Where it touches the water the sleepy steel-wool wind sands the brass-rippled river free of its smooth shimmer. There is lemon-yellow metal lying on the flooded fields between the two rivers. The sun hides in the hedgerow, slyly slinking away, abandoning the day that it has failed to warm to a night of frosty daggers, creeping in with the growing shadows to cut down the last soldiers of summer and autumn. The fallen leaves turn to iced bronze, beaten copper and frozen blood, to be shattered and trampled. Within a few weeks they will have collapsed into a brown blanket. A kestrel stands on a post, calculating that I am too cold to catch it and so it will not expend precious calories by flying away. The little hunter – not so little now – is not treated with the same contempt as he trots into view, soaking wet and not caring one jot about the cold or the perfect mirror of the water that he has just shattered after another joyful plunge. After all, if the near-still wind can break the surface of the water, why shouldn't he. I throw his stick back at the glimmering mirror.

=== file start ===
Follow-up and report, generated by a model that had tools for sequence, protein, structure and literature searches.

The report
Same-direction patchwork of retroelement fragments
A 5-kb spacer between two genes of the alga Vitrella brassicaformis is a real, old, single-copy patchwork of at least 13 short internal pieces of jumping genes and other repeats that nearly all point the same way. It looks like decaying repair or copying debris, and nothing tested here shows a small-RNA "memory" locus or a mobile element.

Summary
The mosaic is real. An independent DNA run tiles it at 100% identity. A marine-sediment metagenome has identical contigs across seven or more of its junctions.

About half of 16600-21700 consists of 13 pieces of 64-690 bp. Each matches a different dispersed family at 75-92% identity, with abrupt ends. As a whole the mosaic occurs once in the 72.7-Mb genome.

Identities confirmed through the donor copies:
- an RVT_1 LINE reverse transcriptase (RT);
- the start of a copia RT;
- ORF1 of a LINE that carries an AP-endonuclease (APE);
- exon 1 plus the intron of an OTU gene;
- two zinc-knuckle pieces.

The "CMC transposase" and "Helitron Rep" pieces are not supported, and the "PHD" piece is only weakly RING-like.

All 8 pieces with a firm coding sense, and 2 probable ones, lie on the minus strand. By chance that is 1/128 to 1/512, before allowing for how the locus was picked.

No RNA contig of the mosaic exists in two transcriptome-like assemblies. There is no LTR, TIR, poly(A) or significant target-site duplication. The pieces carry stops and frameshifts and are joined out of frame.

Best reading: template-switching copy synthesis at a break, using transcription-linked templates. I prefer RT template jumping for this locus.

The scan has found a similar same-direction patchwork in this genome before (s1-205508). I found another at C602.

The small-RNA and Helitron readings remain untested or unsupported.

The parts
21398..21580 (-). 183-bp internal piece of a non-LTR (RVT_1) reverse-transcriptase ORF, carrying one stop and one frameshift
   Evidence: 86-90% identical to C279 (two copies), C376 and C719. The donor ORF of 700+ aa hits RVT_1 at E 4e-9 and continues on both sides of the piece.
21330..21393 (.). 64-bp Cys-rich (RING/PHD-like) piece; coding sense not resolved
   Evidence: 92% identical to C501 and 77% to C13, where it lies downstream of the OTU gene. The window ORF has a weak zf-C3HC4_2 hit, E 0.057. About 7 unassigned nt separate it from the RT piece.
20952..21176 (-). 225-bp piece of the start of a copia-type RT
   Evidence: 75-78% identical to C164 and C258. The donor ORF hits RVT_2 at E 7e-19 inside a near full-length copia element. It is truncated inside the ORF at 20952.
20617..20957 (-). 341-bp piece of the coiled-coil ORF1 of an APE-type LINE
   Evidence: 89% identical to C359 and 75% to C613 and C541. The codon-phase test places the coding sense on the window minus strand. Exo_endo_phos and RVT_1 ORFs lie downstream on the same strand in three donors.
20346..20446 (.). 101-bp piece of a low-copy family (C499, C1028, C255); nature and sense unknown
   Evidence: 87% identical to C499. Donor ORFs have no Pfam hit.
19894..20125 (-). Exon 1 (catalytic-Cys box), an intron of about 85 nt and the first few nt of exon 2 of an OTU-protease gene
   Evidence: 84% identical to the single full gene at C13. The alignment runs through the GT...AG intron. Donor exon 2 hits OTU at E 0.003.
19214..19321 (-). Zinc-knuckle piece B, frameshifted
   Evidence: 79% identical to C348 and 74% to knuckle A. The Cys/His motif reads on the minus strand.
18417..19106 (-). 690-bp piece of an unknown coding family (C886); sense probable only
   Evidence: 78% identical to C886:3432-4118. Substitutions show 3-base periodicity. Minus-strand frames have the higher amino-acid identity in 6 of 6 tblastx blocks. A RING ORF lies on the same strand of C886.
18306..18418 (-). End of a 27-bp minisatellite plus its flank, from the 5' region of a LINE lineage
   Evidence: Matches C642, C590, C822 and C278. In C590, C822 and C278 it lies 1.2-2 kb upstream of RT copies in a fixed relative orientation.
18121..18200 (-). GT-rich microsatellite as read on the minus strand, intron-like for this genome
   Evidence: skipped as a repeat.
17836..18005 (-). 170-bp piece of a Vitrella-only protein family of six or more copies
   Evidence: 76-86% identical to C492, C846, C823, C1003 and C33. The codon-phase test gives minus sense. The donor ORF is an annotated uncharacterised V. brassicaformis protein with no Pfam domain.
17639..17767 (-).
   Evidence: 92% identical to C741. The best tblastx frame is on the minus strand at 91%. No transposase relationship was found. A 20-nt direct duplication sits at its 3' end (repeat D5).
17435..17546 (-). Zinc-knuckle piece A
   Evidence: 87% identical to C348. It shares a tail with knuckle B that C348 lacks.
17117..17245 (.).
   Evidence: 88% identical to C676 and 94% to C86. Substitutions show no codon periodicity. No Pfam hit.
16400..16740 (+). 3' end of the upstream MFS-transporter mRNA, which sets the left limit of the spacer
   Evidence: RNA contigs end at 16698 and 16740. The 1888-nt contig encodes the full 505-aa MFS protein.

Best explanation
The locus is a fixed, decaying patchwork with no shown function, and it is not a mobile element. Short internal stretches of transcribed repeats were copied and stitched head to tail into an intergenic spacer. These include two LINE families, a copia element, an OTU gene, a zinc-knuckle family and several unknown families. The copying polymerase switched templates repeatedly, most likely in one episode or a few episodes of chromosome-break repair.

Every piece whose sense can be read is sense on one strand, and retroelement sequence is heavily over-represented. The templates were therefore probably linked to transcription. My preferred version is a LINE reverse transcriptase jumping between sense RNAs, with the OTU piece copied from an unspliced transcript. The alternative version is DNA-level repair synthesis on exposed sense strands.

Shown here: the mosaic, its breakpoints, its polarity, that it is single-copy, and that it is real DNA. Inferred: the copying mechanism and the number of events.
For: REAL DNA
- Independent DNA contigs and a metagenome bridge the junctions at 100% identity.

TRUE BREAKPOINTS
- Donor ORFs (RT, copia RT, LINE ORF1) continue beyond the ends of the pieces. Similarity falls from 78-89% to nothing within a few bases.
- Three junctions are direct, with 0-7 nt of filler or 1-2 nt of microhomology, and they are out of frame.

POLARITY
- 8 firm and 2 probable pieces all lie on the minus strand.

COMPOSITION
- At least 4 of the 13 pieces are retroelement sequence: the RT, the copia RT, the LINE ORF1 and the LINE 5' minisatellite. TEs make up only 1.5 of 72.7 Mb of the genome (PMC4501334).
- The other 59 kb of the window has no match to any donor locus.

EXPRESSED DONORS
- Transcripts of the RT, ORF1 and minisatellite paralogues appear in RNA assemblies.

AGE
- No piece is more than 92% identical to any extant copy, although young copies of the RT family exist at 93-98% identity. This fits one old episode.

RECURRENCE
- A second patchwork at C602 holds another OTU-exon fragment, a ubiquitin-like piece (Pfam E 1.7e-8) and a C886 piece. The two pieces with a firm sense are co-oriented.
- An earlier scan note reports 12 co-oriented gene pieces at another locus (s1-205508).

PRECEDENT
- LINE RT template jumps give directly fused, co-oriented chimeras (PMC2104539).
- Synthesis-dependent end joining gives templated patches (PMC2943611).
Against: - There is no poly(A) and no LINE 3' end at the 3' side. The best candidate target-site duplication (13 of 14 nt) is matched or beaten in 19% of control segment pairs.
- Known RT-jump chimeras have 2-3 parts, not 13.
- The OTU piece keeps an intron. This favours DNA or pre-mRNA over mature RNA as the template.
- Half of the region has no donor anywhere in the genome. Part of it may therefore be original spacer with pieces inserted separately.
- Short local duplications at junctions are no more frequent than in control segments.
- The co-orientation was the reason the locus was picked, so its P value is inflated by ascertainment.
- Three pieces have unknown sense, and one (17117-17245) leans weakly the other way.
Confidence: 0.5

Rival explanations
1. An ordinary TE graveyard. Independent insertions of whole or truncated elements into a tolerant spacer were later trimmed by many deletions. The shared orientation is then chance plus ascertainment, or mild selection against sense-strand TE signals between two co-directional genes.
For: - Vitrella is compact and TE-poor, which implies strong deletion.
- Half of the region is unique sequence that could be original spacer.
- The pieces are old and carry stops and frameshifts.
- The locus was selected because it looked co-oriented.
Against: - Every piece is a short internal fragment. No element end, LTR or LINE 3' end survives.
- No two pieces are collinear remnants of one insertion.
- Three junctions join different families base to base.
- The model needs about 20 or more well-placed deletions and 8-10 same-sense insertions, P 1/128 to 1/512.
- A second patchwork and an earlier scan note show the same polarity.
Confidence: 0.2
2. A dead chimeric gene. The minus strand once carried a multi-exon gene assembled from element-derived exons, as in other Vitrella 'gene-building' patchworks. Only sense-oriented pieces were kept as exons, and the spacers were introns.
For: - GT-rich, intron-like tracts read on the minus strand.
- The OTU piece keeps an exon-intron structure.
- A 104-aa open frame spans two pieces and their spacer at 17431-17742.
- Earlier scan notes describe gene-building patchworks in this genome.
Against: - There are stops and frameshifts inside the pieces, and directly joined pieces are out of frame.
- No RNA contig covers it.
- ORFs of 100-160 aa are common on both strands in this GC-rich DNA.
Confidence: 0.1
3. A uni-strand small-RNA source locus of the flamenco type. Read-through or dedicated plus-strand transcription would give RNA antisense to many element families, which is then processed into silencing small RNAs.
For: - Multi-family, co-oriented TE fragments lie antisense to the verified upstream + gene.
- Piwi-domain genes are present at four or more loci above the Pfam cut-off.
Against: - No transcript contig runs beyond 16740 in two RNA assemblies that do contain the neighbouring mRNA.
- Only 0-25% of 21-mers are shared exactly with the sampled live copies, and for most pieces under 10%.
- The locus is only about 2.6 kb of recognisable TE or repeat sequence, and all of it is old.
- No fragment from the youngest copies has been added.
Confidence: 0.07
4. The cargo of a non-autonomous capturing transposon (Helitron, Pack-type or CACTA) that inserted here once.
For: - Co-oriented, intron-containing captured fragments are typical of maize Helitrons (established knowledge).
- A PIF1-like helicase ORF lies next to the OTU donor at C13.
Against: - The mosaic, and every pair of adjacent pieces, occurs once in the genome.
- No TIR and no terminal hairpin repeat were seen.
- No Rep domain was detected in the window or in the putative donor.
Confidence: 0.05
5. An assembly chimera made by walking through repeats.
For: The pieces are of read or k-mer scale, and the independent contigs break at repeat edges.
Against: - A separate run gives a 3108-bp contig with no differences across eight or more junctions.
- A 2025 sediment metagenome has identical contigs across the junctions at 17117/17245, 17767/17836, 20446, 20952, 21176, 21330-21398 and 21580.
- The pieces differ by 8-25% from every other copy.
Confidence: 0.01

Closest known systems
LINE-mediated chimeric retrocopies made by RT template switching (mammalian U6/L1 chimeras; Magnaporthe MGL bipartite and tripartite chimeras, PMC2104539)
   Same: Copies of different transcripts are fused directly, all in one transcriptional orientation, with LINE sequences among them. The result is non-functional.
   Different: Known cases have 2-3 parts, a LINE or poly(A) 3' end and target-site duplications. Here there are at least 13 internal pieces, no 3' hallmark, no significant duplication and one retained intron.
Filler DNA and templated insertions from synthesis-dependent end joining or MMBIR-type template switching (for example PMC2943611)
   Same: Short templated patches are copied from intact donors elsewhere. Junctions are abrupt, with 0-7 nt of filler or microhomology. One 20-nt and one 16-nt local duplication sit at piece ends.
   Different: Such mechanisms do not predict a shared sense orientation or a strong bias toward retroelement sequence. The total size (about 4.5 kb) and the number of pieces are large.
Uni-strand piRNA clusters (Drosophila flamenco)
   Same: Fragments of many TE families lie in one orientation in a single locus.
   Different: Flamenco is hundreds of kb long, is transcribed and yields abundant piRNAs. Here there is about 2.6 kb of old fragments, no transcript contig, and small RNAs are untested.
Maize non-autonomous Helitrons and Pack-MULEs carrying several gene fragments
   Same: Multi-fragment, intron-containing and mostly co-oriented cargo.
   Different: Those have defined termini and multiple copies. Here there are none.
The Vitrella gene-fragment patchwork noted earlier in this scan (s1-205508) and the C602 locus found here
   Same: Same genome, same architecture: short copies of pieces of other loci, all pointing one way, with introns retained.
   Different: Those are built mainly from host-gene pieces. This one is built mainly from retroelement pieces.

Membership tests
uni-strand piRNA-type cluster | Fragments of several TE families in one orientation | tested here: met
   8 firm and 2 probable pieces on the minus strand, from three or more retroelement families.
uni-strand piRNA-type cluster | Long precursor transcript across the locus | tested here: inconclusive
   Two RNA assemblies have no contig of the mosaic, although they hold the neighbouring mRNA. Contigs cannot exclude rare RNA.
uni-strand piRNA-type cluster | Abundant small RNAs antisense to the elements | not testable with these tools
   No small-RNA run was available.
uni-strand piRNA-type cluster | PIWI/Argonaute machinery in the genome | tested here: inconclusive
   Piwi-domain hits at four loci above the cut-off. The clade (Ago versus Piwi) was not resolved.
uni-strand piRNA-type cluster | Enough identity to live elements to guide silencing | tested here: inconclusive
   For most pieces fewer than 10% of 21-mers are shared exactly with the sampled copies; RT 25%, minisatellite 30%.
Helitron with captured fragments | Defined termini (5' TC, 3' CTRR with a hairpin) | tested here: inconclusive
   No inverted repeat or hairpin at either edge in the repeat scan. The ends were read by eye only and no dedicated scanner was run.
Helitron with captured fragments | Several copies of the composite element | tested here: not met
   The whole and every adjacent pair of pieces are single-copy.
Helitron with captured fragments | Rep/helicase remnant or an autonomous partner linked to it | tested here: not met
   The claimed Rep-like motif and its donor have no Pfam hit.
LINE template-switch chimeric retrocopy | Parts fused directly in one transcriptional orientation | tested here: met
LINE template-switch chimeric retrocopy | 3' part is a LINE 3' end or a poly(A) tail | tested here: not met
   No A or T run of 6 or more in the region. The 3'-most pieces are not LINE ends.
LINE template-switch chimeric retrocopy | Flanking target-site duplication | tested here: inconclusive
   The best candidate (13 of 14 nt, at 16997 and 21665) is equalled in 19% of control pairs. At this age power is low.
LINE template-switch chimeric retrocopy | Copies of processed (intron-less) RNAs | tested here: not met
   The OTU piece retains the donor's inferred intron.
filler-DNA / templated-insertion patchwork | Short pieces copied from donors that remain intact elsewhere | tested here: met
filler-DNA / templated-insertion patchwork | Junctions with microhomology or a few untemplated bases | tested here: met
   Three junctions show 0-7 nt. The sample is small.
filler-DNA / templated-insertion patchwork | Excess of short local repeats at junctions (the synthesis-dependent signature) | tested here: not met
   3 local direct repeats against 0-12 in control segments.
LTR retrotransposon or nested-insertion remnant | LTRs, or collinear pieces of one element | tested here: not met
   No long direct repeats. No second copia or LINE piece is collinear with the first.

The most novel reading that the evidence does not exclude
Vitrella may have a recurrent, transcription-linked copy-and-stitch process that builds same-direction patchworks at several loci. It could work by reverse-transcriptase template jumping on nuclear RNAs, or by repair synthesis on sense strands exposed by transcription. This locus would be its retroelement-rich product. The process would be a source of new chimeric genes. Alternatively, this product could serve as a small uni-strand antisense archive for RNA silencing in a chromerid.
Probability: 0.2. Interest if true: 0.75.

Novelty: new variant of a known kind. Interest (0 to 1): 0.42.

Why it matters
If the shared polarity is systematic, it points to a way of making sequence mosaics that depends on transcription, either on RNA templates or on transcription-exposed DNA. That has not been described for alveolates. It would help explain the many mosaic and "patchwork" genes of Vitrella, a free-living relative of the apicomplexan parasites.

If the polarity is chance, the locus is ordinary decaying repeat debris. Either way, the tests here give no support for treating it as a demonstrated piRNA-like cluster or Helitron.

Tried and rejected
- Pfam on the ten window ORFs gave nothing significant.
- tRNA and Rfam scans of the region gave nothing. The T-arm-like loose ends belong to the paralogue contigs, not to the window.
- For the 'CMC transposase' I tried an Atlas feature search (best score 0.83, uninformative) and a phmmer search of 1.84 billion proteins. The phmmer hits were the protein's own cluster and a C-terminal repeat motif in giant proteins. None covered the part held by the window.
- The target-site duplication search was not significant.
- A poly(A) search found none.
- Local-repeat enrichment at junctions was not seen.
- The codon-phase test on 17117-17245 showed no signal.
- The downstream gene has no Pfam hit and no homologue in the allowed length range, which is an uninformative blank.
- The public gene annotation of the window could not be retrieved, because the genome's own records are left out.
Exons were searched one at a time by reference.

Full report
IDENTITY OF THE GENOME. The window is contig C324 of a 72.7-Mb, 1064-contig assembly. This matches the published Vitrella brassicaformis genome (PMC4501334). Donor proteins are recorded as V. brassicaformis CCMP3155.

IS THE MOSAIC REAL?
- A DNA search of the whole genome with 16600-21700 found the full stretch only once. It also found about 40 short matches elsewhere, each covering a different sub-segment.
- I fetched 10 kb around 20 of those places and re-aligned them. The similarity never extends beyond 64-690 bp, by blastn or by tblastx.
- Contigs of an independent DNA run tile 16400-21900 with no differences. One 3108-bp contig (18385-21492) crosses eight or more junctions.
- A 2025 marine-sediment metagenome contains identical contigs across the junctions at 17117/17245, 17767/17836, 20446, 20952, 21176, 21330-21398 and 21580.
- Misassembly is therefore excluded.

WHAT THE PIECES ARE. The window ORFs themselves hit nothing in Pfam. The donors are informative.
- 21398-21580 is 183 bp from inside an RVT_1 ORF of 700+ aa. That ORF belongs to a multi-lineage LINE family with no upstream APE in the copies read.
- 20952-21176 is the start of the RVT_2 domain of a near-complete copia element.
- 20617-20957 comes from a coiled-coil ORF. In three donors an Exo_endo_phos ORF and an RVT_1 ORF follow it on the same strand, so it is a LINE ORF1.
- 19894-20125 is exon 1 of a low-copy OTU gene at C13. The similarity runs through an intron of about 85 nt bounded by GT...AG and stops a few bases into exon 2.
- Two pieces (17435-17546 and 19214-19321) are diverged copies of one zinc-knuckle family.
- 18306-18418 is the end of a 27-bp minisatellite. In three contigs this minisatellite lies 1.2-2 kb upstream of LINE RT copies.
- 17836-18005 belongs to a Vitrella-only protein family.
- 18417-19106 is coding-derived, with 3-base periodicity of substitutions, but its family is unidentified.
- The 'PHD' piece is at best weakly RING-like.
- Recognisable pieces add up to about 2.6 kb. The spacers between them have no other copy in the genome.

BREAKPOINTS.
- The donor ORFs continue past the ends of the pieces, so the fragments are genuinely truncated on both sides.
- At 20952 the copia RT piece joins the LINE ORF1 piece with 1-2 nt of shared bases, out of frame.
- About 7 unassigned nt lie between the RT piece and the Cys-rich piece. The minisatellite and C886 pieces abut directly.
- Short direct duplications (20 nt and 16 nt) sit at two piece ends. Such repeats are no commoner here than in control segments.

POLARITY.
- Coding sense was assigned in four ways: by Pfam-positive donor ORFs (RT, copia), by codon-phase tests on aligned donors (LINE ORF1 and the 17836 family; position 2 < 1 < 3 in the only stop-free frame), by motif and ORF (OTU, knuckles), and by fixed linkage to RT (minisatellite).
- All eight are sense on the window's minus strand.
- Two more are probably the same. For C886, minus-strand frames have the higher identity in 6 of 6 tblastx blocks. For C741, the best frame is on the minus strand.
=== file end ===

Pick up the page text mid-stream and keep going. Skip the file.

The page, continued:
The Earth worn to its bones.

Australia is old. Its interior has been rinsed by long ages of sparse desert rain until the nutrients are ground from the earth. Its river beds are as ancient as the abyss. Even in the fertile East the forests look and feel old and worn. Even the mountains of the East are worn to nubs a few thousand feet high. Barely a bump for what is effectively an entire continent. The trees of those forests are grey scented ghosts brushed with silvers and grubby yellows. Their trunks are bleached white where the bark peels away because in these forests the earth is not renewed year on year by falling leaves, it is maintained on life support by the gradual fall of strips of bark, years upon years. An entire wilderness laid back to the Earth by fire is nothing more than in invigorating body scrub to this land. When the sun grinds through the thin needles of the trees, they grow white. The carpet on the ground is pale too. The creeks, when they hold water at all, are clear and bronze like an old statue of water laid gently on the sleeping ground. That ghostly backdrop makes the gorgeous metallic blue-green of a butterfly a thing not unlike a fever-dream. The glinting call of a bird draws the eye to a bullet of gold or blue or red or lime green. Black trees also stop the eye, some natural, some ripped in half by lightening. Scrape back the vegitation and you are through to the bones of the Earth in an instant. These phantom forests hold a shadow of menace too. This land is so sparse that predators have evolved to waste no time on long chases of plump prey. The predators here are tiny and deathly efficient spiders and snakes.